"Helping our local businesses grow and prosper is as important to the county's economic and job growth as attracting new companies in town, if not more so," said Sharon Bronson, chair of the county Board of Supervisors. "Our country has embarked on an exciting new era of commercial space flight, and I am immensely proud that Pima County is able to assist an imaginative local company like Vector Space Systems, which is in the vanguard of this new race to space."
Vector is "precisely the type of innovative, 21st century company we are working to attract to Arizona through our pro-business policies, and an excellent addition to Southern Arizona's already thriving aerospace industry," said Gov. Doug Ducey.
Vector successfully tested a smaller version of its rockets July 30 in Mojave, Calif., with the launch of a 12-foot prototype with a 3D-printed injector that used what the company calls a "unique propellant combination of liquid oxygen and densified propylene." That test included a prototype payload from Finnish company Iceye.
Vector has a four-year deal to conduct 21 launches for Iceye's commercial SAR (synthetic aperture radar) satellite constellation.
The company was awarded $2.5 million from NASA and DARPA to continue developing a two-stage rocket system. The funding will back Vector's work on repurposing its technology for the XS-1 Experimental Spaceplane, a planned replacement for the space shuttle program. The unmanned craft will fly to the edge of space and launch small rockets to boost satellites to orbit.
The company's Vector-R vehicle, designed to carry micro-satellites into space, will have a carbon-fiber airframe and lightweight pressurized propulsion system, the company said.
Unlike NASA's under-development 150-foot Space Launch System, or SpaceX's Falcon Heavy, Vector's rockets will be small and launch frequently, lowering the cost and increasing flexibility for startups with satellite plans.
The major carriers of satellites only fly about a dozens missions annually, with limited payloads. That leaves many who need an affordable vehicle for smaller or more experimental satellites stuck on the ground.
“Nobody is paying attention to those guys—they’re still treated like toys, like second-class citizens, they don’t have a reliable way to get to orbit,” Jim Cantrell says of small satellite companies.
Cantrell is a founder of Vector Space, the company behind the Mojave Desert test. He and co-founder John Garvey are both veterans of the space business; they played a role in helping Elon Musk set up SpaceX when the company’s early staff was being recruited in those same Mojave test grounds.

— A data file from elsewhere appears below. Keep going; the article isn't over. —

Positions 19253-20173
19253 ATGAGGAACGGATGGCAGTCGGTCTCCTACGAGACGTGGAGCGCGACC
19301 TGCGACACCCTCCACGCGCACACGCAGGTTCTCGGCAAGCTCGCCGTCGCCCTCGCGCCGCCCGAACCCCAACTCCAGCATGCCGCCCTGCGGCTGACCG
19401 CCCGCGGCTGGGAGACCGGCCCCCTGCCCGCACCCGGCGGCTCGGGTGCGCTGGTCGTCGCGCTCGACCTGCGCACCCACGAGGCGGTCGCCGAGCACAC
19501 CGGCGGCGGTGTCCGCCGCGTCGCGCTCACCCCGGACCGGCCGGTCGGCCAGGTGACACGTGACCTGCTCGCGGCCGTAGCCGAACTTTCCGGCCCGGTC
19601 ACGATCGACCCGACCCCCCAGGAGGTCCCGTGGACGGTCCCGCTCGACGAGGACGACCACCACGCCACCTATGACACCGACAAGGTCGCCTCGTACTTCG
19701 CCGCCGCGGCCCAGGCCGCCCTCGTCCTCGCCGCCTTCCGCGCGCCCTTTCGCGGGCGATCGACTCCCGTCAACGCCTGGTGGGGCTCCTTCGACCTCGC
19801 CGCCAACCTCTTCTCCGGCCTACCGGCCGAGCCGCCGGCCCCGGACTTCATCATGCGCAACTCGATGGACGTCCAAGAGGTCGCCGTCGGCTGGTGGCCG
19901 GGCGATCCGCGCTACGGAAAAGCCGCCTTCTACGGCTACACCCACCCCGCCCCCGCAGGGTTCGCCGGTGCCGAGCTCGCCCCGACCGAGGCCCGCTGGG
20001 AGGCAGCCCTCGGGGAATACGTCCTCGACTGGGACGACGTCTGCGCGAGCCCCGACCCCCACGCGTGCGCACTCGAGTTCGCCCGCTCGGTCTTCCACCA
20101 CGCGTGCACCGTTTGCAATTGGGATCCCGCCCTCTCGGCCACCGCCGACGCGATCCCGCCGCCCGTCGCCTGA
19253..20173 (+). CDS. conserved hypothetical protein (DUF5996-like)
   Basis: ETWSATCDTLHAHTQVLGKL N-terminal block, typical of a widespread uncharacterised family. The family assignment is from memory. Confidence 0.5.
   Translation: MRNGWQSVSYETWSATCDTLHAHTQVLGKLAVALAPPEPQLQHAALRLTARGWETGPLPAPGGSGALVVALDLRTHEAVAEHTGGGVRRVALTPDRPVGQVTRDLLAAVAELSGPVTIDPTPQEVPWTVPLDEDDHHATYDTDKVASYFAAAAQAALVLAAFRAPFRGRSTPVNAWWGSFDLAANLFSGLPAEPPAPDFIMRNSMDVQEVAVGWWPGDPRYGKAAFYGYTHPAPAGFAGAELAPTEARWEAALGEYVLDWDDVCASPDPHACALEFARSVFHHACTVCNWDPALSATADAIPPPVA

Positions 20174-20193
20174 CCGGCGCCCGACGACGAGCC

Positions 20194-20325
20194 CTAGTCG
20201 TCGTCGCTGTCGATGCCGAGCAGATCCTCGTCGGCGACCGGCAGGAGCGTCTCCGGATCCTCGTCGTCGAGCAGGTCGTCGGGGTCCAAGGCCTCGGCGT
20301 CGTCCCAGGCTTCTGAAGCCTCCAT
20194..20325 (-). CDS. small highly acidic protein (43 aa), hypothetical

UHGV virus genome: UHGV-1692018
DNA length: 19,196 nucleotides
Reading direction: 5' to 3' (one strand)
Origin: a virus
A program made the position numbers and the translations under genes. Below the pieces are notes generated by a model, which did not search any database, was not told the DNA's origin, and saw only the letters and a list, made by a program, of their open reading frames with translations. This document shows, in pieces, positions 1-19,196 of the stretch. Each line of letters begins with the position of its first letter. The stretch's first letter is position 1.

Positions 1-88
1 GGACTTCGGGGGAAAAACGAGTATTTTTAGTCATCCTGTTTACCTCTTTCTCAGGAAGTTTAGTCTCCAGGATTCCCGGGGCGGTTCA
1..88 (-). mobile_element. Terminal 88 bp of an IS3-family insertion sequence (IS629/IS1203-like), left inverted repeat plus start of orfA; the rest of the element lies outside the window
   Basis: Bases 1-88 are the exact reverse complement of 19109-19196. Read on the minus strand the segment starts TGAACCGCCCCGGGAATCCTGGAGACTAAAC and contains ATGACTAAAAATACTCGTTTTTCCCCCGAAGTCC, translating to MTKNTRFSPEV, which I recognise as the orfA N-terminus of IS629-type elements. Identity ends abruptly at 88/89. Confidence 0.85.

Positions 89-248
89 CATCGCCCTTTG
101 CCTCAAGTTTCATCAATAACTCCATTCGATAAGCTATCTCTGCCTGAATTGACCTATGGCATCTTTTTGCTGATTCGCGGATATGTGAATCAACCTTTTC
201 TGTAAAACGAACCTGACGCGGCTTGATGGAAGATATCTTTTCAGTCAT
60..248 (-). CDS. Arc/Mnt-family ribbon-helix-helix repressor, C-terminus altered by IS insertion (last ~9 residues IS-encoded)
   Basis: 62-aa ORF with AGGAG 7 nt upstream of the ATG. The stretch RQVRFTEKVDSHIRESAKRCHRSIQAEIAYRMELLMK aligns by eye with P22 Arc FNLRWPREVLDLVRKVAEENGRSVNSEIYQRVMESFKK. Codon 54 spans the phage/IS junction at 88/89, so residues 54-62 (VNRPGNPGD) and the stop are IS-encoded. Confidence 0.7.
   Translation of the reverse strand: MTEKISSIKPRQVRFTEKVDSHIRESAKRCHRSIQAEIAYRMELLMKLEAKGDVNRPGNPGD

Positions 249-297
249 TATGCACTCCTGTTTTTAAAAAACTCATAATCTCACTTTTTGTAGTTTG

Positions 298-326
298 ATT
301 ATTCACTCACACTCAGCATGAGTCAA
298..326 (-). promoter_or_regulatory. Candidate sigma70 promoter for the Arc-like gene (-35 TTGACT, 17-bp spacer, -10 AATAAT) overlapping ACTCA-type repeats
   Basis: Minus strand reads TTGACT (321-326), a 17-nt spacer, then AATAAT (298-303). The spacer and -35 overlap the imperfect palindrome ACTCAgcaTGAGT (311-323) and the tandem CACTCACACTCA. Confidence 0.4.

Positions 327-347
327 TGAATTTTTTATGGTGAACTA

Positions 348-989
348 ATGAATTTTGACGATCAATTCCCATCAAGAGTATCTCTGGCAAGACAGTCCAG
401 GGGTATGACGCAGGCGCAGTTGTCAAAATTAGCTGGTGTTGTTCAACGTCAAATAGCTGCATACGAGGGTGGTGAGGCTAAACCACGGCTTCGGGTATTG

Musk’s vision for disrupting space is slightly different: SpaceX is beating established rocketry firms at the lucrative work of launching enormous satellites into orbit, especially geo-stationary orbits 37,000 kilometers up, where satellites can hang over one spot on Earth. SpaceX’s next rocket, the Falcon Heavy, will be enormous (though not quite as big as SLS) and designed to take big cargo into space very efficiently.
“Geo-stationary orbit is actually real estate—you can only put so many satellites up there,” Cantrell says. “It’s like waterfront property at the beach. Everyone builds the biggest thing they can put up there. Chasing that market, putting everybody out of that business, that’s how Elon is going to fund his way to Mars. It’s kind of a brilliant strategy.”
But that’s not Cantrell’s business. He and Garvey are focused on the opportunity they see in a world where companies are building businesses around satellites that weigh less than 100 lbs.
“I’m going to dominate the small side,” Cantrell promises.
Vector will face competition, including Rocket Labs, Firefly, NanoRacks, Paul Allen’s Vulcan Aerospace and Richard Branson’s Virgin Galactic, Quartz noted.
Vector-R targets the fast-growing market for launching very small satellites, rapidly and at low cost -- and leaves Boeing, Lockheed Martin, Airbus, and SpaceX to duke it out over the market for launching larger satellites.
Experts estimate that by 2020, companies could be launching as many as 500 such "microsatellites" annually. At launch prices ranging from $250,000 per launch (CubeCab) to $1.5 million (Vector) to $10 million (Virgin Galactic), that implies an annual market size of up to $5 billion -- a market in which Vector is targeting a 12% share.
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That’s a lot of companies planning a lot of launches—Firefly alone envisions doing 50 launches a year by the early 2020s—but they’re just the tip of the iceberg.
Vector Space expects to start launches in 2018, but unlike Firefly has no plans to develop larger vehicles. “Rather than making money by learning how to make it bigger, like everybody else seems to do, we’re truly going to stick with one size and we’re going to figure out how to launch more of them,” said CEO Jim Cantrell.
“People are literally banging our door down trying to get rockets because they’re just not enough capacity out there,” said Vector’s Cantrell. He acknowledged, though, that if and when multiple small launch vehicles enter service at the flight rates they envision, “th